Document Landscape: Exploring What Shapes Disabled Students ’Experiences in Practice- Based Education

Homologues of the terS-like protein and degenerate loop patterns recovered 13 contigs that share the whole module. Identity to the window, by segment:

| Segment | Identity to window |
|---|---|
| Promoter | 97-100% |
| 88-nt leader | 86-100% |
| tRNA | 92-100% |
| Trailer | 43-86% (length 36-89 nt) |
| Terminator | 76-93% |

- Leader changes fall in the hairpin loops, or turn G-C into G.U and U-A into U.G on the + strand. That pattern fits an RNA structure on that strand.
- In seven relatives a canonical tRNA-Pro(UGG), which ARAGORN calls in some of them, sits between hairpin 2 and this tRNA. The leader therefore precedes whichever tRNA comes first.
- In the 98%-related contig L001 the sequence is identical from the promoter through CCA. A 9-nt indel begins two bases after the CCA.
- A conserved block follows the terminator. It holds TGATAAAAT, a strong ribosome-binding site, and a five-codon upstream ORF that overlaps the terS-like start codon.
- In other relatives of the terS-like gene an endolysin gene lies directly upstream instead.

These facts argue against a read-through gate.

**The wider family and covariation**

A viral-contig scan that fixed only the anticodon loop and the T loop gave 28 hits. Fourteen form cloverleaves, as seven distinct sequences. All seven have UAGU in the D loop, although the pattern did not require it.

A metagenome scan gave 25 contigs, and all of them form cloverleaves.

Disabled students often face challenges in effectively meeting their learning and practicum requirements, even though institutions have policies in place to support access. Practice-based learning helps to ensure students have acquired sufficient practical knowledge of the field. It is used in many disciplines for effective skill development, and is mandatory for some accreditations, particularly in healthcare professional training. A wide array of documents (information artifacts) has been produced in connection with efforts to mitigate practice-based- education access barriers. Organizational challenges, including availability and distribution of effective documents, have led to ongoing inaccessibility. In this work, we put ourselves in the shoes of a student and imagine what documents would appear if a student were to self-search for resources that were available on the internet. We assembled a corpus of such documents [n=43] and conducted a qualitative analysis of document form and content. Three themes emerged from the form of the documents: (1) across all artifacts reviewed, students were absent from production and authorship; (2) limited documents were directly related to practice-based education; and (3) higher education institutions grapple with tensions in the choice of media as this selection can affect how the documents operate within their communities. Looking at the content of the documents we found that (1) barriers to access are often described as the responsibility of the disabled student; and (2) the vast majority of documents require, expect, or presume disclosure of disability status to be a prerequisite to access, revealing a reliance on a medical/individual model of disability. We conclude with a reflection on how the form and content of the documents may shape disabled students ’experiences in practice-based education.
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